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Last night, my husband and I decided to watch a movie.
I’m not exactly sure what we were thinking because he had to be up at 4:30 AM to catch an early flight, and it was already well into the evening when we chose the 3-hour film. Needless to say, by the time we reached the halfway mark, we realized it hadn’t been a wise decision.
At that point, we had two options: 1) We could force ourselves to finish the movie, knowing that we would be starting the work-week without adequate sleep, or 2) We could press the pause button and finish the movie later.
We were tired–option 1 was a no-brainer.
In today’s multi-tasking culture, it’s easy to forget that we have the ability to press the pause button. In fact, we would be wise to do it more often. When we try to do it all (often at the expense of proper self-care), we discover that we don’t really do it all that well.
I’m a morning person. I know this because when I try to read or write late in the evening, the outcome is never as good as my work in the morning. The moment I feel my eyelids getting heavy is the moment I know I’m done. And if I don’t voluntarily press my pause button, I can be sure that I’ll be spending the morning re-reading pages or fixing writing errors. I’ve come to understand my own limits, and when I honor those limits I accomplish more.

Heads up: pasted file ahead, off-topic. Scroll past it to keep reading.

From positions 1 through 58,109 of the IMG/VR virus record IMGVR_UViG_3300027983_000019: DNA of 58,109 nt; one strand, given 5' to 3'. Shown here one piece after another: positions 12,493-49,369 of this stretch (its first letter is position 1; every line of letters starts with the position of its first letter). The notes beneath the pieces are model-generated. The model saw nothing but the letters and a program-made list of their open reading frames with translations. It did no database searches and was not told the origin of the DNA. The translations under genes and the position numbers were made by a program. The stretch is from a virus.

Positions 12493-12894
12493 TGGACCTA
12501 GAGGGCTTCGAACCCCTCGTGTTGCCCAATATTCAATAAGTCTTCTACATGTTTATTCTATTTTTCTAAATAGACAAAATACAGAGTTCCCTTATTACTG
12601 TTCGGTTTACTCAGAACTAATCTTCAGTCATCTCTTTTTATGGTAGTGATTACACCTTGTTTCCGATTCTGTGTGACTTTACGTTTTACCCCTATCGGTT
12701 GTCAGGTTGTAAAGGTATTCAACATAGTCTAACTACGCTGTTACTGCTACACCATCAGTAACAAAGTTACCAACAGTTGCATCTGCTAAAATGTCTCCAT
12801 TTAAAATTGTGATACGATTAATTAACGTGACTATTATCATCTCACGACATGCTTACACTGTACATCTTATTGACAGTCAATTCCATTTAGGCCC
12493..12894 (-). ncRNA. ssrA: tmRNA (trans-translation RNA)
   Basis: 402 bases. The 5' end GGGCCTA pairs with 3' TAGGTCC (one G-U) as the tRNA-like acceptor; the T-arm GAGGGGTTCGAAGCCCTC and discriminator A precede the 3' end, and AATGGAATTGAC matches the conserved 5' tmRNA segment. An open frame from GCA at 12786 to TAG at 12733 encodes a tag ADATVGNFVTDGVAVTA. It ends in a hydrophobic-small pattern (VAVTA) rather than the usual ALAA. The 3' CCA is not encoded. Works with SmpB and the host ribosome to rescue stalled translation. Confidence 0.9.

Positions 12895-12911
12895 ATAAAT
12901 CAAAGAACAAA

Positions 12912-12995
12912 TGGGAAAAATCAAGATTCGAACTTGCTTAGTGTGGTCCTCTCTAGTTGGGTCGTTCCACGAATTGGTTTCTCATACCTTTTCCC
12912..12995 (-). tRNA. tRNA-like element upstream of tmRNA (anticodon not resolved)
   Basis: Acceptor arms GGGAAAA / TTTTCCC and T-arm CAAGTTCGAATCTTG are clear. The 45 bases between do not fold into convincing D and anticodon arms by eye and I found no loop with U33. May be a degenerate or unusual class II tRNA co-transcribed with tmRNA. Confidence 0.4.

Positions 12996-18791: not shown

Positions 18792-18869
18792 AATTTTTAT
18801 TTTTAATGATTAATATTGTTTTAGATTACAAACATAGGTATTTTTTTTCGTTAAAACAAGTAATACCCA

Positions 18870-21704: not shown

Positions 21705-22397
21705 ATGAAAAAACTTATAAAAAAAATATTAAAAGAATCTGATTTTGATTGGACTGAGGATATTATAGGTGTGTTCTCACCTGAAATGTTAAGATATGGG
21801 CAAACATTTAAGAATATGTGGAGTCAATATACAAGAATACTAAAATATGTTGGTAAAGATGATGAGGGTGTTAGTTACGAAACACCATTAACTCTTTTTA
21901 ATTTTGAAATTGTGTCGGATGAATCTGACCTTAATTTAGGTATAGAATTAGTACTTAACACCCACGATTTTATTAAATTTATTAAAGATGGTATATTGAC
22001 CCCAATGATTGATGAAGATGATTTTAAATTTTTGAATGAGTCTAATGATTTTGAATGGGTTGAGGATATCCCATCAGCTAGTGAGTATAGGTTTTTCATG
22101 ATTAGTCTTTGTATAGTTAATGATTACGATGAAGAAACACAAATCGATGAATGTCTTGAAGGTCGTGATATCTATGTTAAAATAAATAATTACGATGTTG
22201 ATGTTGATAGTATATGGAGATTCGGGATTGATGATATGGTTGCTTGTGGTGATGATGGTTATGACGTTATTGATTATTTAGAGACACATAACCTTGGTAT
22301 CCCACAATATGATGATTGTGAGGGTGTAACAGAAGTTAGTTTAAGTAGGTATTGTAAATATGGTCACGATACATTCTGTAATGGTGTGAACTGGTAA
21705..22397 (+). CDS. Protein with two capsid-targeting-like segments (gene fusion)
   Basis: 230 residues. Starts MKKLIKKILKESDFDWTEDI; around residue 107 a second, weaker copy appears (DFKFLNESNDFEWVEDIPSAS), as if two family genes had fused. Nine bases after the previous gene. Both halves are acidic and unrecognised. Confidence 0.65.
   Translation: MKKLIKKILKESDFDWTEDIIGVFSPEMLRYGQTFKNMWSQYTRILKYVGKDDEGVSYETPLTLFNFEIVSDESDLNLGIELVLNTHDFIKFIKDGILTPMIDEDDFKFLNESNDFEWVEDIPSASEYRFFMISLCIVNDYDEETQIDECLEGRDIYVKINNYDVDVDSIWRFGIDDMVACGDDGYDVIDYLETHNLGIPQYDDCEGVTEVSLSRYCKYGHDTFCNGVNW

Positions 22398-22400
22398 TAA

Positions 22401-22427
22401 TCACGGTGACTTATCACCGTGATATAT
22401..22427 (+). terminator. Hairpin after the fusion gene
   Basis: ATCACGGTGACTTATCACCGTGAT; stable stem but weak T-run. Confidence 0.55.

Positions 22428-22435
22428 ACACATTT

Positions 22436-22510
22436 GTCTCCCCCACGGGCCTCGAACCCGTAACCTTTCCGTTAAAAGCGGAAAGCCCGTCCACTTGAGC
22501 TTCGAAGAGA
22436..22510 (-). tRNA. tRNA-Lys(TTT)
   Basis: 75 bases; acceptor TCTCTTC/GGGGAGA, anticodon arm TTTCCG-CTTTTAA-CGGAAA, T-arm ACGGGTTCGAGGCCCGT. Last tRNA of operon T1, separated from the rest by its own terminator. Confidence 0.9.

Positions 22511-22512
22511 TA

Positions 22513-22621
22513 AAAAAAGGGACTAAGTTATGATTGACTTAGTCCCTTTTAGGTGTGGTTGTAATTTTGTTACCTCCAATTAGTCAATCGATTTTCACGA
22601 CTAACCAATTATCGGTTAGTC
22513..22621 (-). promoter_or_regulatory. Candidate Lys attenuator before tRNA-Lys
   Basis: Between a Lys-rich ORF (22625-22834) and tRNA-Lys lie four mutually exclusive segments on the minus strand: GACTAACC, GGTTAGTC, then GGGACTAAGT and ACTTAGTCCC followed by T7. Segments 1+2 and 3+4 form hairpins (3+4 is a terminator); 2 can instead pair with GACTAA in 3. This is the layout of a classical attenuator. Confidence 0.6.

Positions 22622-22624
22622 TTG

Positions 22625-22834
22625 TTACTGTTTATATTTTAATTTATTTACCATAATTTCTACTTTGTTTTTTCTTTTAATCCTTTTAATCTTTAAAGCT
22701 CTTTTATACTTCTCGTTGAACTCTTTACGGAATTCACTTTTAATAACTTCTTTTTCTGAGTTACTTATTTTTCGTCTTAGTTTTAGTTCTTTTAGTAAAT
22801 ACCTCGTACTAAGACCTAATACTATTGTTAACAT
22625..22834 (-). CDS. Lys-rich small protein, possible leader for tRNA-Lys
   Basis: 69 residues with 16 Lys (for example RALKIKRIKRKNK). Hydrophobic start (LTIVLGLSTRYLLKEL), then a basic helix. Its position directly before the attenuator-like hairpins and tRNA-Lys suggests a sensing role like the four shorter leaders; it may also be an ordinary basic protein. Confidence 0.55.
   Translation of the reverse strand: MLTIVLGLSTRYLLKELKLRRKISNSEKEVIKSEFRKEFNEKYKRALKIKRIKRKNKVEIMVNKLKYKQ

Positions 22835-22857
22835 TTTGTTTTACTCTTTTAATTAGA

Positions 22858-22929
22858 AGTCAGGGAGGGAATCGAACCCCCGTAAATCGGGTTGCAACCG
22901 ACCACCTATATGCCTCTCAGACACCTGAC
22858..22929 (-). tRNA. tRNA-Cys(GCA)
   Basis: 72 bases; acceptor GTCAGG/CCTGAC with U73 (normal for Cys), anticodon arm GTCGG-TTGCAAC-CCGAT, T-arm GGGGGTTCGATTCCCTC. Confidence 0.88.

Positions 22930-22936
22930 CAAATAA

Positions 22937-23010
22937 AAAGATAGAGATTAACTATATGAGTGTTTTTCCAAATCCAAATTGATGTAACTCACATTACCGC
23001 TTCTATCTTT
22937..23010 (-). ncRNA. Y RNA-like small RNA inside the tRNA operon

Pressing the pause button helps us create boundaries around our time and resources. It also protects us from unnecessary stress, and helps us better organize and prioritize our life.